Suited connectors are probably the hardest hands to play in Texas Hold’em. We’re talking about hands such as 56 suited or 78 suited, i.e. hands that do have a potential to flop really big. But, more often than not, we end up with a mediocre hand. So, in the long run, these hands can be quite costly. Yet they can be so hard to fold, especially in cash games, where we’re usually playing deeper stacks.
So, to try and help you improve your game, we’re bringing you a few useful suited connector tips, which should make things easier in the long run. While these tips may not answer every single question and address every single situation. They should make it easier to create a better overall plan for your game.
Be very mindful of your position
With hands like suited connectors, you need to be very picky about situations you get involved in. Preferably, try to get involved in the pots where you’ll have position on the flop and on the later streets. This will put you in situations where you’ll be able to make more money when you actually do flop monsters. Also lose less when you end up with a mediocre hand like a middle pair, no kicker.
Get involved in more multi-way pots
Suite connectors are powerful exactly because they can make huge hands that are often well-disguised. These hands play very well in multi-way pots. You’ll also be more likely to actually make some money in pots with more players involved.
In your overall game-plan for suited connectors, you should look to play more multi-way pots instead of playing them heads up. Although you’ll be more likely to win a heads up pot when you hit a mediocre hand, these won’t be big pots. It is not really the scenario you’re looking for when you get involved with 56 of hearts.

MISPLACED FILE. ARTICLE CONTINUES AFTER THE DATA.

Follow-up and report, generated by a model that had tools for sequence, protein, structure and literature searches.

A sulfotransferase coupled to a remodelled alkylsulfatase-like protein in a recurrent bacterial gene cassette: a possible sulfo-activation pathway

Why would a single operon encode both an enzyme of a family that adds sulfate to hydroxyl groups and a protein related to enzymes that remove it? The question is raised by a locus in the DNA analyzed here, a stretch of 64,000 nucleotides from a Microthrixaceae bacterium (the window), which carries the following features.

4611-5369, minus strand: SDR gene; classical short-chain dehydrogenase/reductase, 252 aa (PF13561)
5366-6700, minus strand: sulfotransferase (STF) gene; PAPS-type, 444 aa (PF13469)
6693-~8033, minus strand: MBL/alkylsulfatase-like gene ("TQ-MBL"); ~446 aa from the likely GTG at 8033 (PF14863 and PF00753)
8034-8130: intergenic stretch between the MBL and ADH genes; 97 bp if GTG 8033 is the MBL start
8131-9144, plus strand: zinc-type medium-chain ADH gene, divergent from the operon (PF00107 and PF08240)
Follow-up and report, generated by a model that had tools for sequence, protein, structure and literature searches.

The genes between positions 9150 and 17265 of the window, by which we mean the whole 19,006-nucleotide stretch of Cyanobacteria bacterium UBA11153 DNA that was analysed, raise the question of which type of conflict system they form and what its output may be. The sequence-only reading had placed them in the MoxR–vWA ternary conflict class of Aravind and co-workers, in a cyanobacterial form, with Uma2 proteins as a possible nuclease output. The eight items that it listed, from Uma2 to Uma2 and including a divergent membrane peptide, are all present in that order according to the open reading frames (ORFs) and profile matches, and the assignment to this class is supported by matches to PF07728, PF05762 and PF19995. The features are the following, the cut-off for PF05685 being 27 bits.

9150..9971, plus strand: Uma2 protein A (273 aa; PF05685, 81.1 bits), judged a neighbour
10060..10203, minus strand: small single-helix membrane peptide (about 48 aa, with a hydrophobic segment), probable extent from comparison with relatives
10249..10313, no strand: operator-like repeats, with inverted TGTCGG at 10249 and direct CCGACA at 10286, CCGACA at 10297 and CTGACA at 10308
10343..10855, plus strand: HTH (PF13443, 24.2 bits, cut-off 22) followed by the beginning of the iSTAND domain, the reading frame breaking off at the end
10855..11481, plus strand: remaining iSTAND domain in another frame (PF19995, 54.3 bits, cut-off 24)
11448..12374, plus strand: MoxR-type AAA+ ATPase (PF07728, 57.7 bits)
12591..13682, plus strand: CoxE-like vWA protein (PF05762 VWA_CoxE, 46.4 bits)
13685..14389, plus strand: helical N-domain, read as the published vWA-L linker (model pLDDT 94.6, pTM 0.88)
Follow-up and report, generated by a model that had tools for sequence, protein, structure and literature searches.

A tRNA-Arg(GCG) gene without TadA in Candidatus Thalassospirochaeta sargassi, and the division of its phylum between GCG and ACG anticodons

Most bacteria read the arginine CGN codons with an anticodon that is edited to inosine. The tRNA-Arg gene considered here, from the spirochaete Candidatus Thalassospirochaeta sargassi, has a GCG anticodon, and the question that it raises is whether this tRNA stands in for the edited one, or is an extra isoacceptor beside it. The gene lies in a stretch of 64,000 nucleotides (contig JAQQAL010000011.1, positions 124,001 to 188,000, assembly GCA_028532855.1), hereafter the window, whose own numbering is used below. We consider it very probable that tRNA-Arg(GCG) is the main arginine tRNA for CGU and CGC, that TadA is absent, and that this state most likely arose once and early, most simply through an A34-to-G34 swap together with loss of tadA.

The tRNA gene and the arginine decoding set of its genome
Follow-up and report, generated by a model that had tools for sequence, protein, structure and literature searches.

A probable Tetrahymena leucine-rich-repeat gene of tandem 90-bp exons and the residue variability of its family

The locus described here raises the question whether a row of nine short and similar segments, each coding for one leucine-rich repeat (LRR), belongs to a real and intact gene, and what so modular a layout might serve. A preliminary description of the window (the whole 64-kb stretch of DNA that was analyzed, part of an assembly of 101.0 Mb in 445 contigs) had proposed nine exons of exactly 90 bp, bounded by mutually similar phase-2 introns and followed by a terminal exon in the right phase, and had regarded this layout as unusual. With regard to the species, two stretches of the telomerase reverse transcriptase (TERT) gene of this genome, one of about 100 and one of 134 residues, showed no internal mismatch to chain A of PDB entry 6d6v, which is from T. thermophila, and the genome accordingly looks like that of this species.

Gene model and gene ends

Mix things up
Like with everything else in this game, your poker strategy with suited connectors needs to be more dimensional. What this means is that you can’t afford to always play them the same way. Especially if you’re up against solid players who’ll pick up on what you’re doing. And those who will be able to define your range based on your preflop actions.
So, although you’ll usually just call on the button with suited connectors facing a raise and a call in between, you should consider putting in a 3-bet some percentage of the time. This will help balance your range and keep your opponents guessing because you’ll also do this with your strongest hands. The additional value of this play is that when you do flop a monster, other players will have hard time putting you on it because of your preflop actions.
Avoid cold calling at all costs
Although the idea of getting involved with suited connectors is often so appealing. One thing you should definitely avoid is cold calling. For example, if there is a raise and 3-bet in front of you, even if you have a position, you should almost always fold your hand in this spot. There may be certain table dynamics where calling could be justified but, in general, these are quite rare.
There are multiple problems with calling in this spot. First of all, you’re not closing the action so the original raiser could still 4-bet, putting you in a really awkward spot. Furthermore, even if you do see the flop, it will be really hard to define your opponent’s ranges and navigate things after the flop. So, you should avoid these spots at all costs. As it is almost impossible to come out ahead even against bad players, let alone decent ones.
Check out the other articles in this poker strategy series here:
– Part 2 of our Poker Strategy Tip Series: Poker Tip #2 | Check Raising Strategy
– Part 3 of our Poker Strategy Tip Series: Poker Tip #3 | Slow Playing Do’s and Don’ts
– Part 4 of our Poker Strategy Tip Series: Poker Tip #4 | Blockers and How to Use Them
– Part 5 of our Poker Strategy Tip Series: Poker Tip #5 | Limp Pots – When and Why
– Part 6 of our Poker Strategy Tip Series: Poker Tip #6 | Squeeze Play – Top Things to Consider
– Part 7 of our Poker Strategy Tip Series: Poker Tip #7 | Adjusting Versus Different Opponents